At his speech before the US Chamber of Commerce earlier today, Barack Obama tried to affiliate himself with rich businessmen and also touted his commitment to innovation and entrepreneurship:
As a country, we have a responsibility to encourage American innovation. Companies like yours have always driven the discovery of new ideas and new products. But, as you know, it’s not always profitable in the short-term for you to invest in basic research. That’s why government has traditionally helped invest in this kind of science, planting the seeds that ultimately grew into technologies from computer chips to the internet.
And that’s why we’re making investments today in the next generation of big ideas – in biotechnology, information technology, and clean energy technology. We’re reforming our patent system so innovations can move more quickly to market. Steve Case is heading up a new partnership called Startup America to help entrepreneurs turn new ideas into new businesses and new jobs. And I’ve also proposed a bigger, permanent tax credit for all the research and development your companies do in this country.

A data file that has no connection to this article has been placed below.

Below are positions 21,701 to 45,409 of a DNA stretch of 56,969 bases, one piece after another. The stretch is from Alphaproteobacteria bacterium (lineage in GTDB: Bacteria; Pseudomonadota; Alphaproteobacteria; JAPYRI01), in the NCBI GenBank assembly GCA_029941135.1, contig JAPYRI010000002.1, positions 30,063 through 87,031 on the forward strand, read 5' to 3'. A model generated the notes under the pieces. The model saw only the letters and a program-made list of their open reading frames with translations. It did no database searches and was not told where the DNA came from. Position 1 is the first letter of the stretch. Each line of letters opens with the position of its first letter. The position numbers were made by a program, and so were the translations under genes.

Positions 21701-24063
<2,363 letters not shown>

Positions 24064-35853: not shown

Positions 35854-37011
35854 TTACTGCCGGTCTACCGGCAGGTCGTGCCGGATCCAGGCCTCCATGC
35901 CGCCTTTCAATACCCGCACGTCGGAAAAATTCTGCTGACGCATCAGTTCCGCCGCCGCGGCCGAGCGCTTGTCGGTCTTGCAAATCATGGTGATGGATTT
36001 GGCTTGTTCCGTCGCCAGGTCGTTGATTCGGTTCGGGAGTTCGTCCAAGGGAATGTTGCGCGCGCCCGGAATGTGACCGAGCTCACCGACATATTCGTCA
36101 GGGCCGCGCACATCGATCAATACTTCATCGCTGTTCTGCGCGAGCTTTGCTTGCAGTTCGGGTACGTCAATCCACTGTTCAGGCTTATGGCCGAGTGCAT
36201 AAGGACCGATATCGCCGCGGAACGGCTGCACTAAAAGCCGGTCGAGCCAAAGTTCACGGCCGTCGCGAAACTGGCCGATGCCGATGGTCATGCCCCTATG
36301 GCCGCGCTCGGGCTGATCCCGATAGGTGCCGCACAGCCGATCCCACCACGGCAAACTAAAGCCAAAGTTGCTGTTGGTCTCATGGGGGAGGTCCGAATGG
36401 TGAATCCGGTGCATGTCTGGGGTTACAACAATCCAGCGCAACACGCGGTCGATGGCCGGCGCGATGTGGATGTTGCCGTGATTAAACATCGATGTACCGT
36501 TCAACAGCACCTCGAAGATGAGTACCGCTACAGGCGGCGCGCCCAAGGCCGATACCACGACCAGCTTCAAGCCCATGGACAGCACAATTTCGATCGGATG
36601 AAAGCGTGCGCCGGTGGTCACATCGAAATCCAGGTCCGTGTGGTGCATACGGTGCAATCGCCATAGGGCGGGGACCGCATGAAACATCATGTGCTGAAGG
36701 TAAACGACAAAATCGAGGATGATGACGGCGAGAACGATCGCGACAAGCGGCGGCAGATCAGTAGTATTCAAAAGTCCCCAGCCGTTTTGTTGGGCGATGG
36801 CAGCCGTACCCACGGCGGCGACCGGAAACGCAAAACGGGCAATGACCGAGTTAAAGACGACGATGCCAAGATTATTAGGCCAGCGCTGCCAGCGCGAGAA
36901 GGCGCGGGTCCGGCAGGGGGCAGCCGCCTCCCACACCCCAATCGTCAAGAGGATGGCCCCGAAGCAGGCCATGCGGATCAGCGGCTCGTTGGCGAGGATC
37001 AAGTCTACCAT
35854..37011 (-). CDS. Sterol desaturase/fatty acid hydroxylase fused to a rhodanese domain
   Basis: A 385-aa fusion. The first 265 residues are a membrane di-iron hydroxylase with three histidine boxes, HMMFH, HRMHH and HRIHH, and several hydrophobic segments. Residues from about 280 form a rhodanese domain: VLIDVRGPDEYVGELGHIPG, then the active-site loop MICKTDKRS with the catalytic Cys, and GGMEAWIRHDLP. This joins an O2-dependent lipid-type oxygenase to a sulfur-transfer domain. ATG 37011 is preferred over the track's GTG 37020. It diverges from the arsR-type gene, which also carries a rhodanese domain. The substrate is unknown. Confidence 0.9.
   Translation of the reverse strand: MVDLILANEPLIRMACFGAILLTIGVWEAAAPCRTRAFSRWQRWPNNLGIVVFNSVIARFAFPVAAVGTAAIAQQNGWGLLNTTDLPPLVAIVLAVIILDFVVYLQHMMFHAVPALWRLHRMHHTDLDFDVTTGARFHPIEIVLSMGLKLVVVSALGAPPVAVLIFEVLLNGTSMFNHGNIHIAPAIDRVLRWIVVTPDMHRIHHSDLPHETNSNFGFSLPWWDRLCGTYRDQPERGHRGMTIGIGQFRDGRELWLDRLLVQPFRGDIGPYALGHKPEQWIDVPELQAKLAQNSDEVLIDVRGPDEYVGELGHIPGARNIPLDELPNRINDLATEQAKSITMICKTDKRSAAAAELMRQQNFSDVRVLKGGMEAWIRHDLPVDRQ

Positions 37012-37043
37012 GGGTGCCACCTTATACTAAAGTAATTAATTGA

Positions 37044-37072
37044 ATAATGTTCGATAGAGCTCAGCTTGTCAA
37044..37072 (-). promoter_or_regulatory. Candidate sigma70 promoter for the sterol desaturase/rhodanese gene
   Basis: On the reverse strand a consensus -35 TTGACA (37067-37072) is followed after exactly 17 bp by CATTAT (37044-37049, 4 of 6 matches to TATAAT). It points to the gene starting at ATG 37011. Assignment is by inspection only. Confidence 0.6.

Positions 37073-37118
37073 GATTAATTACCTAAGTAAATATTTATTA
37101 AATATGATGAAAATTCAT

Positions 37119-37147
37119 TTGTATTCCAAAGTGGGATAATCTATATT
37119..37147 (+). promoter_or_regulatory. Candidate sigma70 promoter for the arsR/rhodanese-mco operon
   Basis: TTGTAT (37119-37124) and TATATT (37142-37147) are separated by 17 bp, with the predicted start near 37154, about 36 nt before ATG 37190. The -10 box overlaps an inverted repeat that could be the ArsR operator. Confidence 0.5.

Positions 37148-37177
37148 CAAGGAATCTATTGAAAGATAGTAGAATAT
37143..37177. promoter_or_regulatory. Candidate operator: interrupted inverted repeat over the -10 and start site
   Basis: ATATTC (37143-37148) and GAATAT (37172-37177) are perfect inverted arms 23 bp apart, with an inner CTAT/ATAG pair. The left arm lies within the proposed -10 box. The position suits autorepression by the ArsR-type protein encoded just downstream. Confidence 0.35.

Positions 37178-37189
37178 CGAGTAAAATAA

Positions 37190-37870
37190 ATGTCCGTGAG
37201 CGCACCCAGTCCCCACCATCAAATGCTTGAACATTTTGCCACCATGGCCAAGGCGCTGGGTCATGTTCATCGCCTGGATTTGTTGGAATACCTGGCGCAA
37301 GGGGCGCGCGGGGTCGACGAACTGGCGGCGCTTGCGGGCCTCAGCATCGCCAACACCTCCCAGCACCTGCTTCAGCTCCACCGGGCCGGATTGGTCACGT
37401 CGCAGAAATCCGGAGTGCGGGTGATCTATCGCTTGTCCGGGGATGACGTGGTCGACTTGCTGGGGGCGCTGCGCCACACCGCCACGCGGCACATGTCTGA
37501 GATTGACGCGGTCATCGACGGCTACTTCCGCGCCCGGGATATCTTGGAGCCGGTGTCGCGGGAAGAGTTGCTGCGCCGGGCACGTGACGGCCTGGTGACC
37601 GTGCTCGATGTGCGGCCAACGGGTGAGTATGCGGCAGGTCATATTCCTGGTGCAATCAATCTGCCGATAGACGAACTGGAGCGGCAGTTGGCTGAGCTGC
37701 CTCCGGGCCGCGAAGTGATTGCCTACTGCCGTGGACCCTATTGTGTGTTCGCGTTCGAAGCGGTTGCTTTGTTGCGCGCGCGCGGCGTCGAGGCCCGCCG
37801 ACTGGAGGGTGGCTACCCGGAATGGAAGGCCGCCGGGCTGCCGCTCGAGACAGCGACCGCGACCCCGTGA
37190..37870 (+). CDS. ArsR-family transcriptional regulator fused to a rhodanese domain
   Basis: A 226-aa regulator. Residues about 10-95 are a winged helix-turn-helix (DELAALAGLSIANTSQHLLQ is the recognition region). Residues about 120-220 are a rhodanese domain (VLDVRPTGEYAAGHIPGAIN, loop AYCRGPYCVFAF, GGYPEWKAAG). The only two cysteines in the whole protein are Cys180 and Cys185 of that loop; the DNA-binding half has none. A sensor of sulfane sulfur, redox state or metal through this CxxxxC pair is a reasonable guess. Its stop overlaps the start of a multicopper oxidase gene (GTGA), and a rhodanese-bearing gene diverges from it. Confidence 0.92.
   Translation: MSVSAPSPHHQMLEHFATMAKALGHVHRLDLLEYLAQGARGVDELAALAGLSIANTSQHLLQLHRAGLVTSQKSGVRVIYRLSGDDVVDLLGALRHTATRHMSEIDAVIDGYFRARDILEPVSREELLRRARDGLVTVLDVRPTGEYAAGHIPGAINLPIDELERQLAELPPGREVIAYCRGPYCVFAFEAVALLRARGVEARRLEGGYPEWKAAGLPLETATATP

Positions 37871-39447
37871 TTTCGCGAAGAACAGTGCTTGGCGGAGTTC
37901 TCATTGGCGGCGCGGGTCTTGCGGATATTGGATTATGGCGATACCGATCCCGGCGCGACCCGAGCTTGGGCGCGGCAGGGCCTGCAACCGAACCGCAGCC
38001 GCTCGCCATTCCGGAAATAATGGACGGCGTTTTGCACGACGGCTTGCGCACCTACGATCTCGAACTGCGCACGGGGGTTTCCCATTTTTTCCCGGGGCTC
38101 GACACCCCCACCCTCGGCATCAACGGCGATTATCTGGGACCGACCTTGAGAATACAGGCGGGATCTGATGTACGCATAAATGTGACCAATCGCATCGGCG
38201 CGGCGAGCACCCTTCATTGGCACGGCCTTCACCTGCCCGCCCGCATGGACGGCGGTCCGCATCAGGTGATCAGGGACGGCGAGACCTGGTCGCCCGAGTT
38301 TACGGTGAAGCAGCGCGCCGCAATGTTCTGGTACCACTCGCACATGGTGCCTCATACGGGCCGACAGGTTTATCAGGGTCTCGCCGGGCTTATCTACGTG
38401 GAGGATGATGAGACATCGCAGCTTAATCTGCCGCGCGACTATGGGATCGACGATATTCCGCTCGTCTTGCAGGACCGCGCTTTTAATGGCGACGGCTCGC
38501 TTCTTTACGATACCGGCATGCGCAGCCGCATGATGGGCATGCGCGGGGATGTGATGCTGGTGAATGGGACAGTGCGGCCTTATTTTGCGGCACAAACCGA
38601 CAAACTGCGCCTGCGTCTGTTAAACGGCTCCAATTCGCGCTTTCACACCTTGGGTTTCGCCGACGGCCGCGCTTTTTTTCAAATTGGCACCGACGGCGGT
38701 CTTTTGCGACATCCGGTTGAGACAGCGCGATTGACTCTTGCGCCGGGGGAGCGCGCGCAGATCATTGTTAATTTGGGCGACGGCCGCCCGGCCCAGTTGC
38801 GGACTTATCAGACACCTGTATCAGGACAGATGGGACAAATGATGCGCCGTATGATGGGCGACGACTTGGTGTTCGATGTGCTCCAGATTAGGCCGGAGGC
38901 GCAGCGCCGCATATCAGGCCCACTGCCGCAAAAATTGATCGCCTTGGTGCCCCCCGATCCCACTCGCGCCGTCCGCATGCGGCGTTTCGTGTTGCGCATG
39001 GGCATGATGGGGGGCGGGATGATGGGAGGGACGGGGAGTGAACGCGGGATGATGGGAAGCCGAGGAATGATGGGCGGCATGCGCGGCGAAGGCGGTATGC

Austan Goolsbee explains the Startup America initiative in more detail here:
The problem with this, it seems to me, is that while “I love businessmen” and “I love entrepreneurship and innovation” do go hand-in-hand relative to hard-core Maoism, relative to the range of actual policy options facing the United States they’re totally different things. Egypt, as you’ve probably heard, has been stagnating economically for the past 20 years. But if you went back in time to find a rich Egyptian businessman circa 1990, it’s not like he’s had a bad time of it. On the contrary, the very things that make the Egyptian economy un-innovative, un-competitive, un-entrepreneurial, and un-dynamic make it a comfortable place to be an incumbent businessman.
Innovation is very problematic for existing large firms. The PC was bad for mainframe makers. The Internet’s been bad for newspapers. Cable was bad for television networks. Hulu is bad for cable companies. Ikea’s been bad for wherever it was that recent college graduates used to buy furniture. Business and businessmen are key to economic growth, but the firms that “win the future” are generally the firms that are small or non-existent today. Business groups like the Chamber of Commerce represent the interests of the firms that spent yesterday winning the future. They’ll of course gladly accept subsidies for their own R&D, but they have little objective interest in encouraging innovation and entrepreneurship.